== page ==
In general, be careful what you ask. How sure are you that you will like the answers?


  12. Apr 5, 2010 #11
    Mr. Richfield, I am definitely certain about what I am asking - and I am equally definitely certain that I want the best answer which is available to me. This isn't a question of "semantics" - it is a question of hard science. What proteins that are gathered in what sequences are able to accurately reproduce that condition? I imagine that for instance stromatolites have been alive for nearly four billion years by now, without changing much, so they are the ancestors of us all. But at some point, all that mono-nucleic repetition got organised into structures that sought other solutions for their reproduction. It all comes back to my principal idea: That life is a local system of negative entropy (Erwin Schroedinger).
  13. Apr 6, 2010 #12
    Mr. Faust,

    >I am definitely certain about what I am asking - and I am equally definitely certain that I want the best answer which is available to me.<

    On those points thank you for your assurance. Since I did not think that your question had been any more frivolous than my reply however, you need not have troubled.

    >This isn't a question of "semantics" - it is a question of hard science.<

    That is an extremely curious assertion. Just what examples of science, hard or soft, could you adduce as illustrations of the investigation or dissemination of empirical or formal hypotheses and conclusions, independent of appropriate, soundly established, semantic conventions? In short, how do you propose to deal with or discuss any aspect of science without knowing and showing what you are talking about? Would it be a misunderstanding on my part to wonder whether you regard “semantics” as referring to “quibbling”? I trust that so far it would, but if not, that you are about to change your mind drastically!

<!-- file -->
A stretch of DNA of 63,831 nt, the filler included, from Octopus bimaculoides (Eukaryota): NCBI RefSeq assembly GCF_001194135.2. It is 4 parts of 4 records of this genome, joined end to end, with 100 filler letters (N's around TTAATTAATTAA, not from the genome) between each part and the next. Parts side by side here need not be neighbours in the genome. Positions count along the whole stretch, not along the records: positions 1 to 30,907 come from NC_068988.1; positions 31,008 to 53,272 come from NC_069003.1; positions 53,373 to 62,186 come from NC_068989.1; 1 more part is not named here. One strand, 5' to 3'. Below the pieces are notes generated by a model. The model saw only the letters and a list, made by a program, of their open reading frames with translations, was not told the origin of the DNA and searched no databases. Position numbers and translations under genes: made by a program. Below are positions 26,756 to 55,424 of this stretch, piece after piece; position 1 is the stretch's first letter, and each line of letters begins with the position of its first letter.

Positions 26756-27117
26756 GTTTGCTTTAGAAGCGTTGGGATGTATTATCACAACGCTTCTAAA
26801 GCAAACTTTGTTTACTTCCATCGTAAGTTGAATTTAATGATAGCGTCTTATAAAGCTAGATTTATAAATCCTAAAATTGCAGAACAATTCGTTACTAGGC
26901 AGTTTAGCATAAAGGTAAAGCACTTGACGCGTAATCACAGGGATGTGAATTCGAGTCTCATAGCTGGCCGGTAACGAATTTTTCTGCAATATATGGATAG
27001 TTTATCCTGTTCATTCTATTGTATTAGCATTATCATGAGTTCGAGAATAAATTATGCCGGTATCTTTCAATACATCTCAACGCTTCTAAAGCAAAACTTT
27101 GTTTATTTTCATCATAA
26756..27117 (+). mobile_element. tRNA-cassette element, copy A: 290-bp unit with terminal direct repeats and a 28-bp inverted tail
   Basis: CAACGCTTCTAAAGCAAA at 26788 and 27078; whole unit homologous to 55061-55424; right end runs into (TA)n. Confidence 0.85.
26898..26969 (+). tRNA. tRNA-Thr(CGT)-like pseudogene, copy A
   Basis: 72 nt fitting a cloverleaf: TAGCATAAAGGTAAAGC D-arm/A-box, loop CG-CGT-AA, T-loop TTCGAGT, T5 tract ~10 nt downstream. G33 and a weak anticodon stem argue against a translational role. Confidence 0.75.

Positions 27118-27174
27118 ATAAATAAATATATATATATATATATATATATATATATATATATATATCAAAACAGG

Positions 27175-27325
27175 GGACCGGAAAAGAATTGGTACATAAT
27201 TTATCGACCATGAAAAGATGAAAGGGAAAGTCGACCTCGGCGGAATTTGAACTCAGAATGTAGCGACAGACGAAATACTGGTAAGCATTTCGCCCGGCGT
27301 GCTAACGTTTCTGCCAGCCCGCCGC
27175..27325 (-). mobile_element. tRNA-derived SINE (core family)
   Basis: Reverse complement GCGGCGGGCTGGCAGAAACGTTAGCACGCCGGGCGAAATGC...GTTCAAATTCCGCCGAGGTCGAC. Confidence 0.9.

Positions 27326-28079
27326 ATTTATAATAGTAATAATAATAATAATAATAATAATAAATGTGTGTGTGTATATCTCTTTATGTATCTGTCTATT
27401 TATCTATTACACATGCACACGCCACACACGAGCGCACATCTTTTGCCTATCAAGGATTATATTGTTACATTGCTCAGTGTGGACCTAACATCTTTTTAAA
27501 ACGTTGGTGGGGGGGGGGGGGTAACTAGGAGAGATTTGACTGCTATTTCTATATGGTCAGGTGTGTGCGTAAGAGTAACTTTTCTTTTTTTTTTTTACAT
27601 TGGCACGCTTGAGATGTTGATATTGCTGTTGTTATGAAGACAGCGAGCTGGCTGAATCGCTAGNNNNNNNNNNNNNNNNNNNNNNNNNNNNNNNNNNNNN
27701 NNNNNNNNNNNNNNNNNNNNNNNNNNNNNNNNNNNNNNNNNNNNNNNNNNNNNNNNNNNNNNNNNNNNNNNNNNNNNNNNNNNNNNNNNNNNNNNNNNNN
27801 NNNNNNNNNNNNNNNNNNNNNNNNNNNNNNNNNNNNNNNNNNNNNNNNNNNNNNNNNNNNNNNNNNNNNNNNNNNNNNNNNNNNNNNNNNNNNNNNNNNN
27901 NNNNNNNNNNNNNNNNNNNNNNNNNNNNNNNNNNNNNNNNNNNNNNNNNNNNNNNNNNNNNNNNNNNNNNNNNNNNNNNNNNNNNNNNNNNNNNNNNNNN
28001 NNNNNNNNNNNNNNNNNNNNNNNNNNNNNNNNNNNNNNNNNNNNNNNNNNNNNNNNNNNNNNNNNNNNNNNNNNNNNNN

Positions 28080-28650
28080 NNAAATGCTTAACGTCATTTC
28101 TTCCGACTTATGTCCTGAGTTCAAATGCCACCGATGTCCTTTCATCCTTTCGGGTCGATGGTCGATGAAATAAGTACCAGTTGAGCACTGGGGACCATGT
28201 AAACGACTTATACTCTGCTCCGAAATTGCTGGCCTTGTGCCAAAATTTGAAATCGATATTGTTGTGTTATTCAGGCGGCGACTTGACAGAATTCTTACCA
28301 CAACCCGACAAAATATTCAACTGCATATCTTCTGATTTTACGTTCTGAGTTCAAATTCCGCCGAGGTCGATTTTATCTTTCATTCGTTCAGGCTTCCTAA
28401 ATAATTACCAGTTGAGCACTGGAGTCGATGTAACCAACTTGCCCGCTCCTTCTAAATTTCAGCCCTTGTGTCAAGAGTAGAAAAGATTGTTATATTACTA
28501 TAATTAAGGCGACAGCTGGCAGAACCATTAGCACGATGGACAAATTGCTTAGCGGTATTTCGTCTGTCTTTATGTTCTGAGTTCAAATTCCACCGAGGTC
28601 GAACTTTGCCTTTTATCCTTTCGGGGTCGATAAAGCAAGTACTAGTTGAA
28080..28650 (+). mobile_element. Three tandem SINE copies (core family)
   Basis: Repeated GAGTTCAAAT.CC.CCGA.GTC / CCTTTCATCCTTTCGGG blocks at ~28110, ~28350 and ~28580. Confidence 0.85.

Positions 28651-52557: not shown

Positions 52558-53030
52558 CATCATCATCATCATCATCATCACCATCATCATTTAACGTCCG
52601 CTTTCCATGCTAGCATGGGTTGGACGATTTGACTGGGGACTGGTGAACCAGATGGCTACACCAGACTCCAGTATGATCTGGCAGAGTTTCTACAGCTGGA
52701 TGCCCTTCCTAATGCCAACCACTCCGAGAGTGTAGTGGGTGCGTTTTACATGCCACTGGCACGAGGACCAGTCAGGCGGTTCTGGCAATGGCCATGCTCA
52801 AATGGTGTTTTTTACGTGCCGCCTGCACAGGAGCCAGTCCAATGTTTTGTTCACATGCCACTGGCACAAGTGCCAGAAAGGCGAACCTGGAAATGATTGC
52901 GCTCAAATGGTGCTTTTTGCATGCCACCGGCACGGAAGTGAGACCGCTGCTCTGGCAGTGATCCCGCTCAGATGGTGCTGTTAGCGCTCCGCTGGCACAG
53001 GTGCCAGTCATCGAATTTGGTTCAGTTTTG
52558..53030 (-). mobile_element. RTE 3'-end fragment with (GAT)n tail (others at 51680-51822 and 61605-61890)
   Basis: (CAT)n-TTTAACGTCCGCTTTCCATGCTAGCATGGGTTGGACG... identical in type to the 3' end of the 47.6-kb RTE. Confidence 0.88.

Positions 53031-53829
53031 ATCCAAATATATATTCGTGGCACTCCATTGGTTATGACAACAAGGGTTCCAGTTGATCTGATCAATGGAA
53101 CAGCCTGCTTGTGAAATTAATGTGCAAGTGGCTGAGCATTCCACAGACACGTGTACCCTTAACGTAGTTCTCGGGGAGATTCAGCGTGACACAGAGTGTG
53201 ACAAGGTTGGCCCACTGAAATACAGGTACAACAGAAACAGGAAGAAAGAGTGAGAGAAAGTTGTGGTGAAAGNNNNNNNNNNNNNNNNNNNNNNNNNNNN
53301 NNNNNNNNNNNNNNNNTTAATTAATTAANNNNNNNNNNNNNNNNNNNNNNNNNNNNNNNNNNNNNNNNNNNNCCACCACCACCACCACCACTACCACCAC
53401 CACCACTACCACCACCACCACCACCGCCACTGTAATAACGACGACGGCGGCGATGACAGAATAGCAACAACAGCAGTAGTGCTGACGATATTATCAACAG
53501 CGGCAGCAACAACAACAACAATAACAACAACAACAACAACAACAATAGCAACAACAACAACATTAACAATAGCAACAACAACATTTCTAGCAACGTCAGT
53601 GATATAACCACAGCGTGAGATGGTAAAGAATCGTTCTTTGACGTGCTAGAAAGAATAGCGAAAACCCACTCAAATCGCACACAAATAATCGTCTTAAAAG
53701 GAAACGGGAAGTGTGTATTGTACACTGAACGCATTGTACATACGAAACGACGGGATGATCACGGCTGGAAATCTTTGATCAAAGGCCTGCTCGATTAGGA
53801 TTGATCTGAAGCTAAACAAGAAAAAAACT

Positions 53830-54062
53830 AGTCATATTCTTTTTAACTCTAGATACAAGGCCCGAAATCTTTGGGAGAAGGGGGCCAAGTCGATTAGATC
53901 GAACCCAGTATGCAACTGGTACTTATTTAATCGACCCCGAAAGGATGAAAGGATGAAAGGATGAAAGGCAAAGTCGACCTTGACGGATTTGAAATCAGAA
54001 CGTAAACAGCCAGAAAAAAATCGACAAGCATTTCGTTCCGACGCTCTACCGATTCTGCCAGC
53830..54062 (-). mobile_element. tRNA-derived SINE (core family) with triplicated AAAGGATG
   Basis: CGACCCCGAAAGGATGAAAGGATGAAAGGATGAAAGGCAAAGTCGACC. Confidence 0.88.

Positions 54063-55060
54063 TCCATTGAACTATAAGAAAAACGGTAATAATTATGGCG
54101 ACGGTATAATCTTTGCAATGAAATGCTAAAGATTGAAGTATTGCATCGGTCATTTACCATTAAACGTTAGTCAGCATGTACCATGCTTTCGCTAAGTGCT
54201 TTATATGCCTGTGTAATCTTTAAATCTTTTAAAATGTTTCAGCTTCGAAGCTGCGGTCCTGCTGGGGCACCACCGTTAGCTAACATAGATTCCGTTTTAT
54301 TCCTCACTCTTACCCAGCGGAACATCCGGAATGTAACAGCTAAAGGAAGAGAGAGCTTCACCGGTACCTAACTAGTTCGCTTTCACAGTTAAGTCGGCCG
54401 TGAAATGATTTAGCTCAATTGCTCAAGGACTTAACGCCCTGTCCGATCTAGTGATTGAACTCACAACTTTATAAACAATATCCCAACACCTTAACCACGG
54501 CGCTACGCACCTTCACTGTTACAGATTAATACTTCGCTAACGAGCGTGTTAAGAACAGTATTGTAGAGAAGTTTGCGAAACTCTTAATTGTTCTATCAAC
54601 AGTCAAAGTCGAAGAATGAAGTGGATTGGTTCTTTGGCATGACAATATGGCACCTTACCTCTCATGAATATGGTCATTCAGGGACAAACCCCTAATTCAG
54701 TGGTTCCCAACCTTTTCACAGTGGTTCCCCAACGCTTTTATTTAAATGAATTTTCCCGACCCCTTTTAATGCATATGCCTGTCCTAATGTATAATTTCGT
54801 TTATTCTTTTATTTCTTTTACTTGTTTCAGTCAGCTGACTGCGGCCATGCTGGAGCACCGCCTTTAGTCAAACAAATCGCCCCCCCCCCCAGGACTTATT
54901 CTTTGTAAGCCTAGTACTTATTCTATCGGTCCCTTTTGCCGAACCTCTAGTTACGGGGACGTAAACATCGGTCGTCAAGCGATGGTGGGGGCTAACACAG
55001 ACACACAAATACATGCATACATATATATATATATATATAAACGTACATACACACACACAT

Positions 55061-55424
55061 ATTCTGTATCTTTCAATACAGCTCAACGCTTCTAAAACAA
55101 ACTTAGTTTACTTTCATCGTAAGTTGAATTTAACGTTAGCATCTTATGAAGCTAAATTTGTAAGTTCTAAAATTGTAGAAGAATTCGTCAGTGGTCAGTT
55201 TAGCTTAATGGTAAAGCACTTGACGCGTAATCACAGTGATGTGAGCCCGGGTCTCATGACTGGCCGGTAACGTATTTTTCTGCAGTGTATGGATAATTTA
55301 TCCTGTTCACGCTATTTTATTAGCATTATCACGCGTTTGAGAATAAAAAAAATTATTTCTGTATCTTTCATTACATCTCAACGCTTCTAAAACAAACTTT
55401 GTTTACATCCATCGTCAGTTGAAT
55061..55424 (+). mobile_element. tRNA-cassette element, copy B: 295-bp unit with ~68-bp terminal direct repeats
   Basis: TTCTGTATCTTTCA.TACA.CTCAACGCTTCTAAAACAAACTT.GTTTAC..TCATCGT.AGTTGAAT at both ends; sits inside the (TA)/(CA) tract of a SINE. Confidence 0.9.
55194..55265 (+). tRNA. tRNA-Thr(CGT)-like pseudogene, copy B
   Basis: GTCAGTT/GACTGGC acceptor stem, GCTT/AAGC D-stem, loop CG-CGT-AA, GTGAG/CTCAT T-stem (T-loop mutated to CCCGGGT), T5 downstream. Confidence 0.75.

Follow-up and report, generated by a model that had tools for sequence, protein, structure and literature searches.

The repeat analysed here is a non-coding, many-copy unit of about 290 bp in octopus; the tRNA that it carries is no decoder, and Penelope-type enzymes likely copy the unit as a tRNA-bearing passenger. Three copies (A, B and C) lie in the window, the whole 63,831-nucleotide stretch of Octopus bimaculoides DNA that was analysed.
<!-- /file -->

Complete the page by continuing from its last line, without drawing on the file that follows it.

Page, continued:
What I attempted to illustrate by way of example, was *not* the nature of life. That had not been the question, after all. The term used had been, not “living” but “immortal”. Semantically this implied in context that the concept of life was taken for granted, and quite properly too, given the difficulty of defining it. Schroedinger’s “local system of negative entropy”, while unexceptionable in its content, it comes perilously close to being content-free. As it stands it might as well refer to a match head, a ripple, or an erect milk bottle. Semantically it amounts to a minimal constraint rather than a definition. Certainly it would be hard to imagine anything living as a local (or for that matter non-local) system of maximal entropy!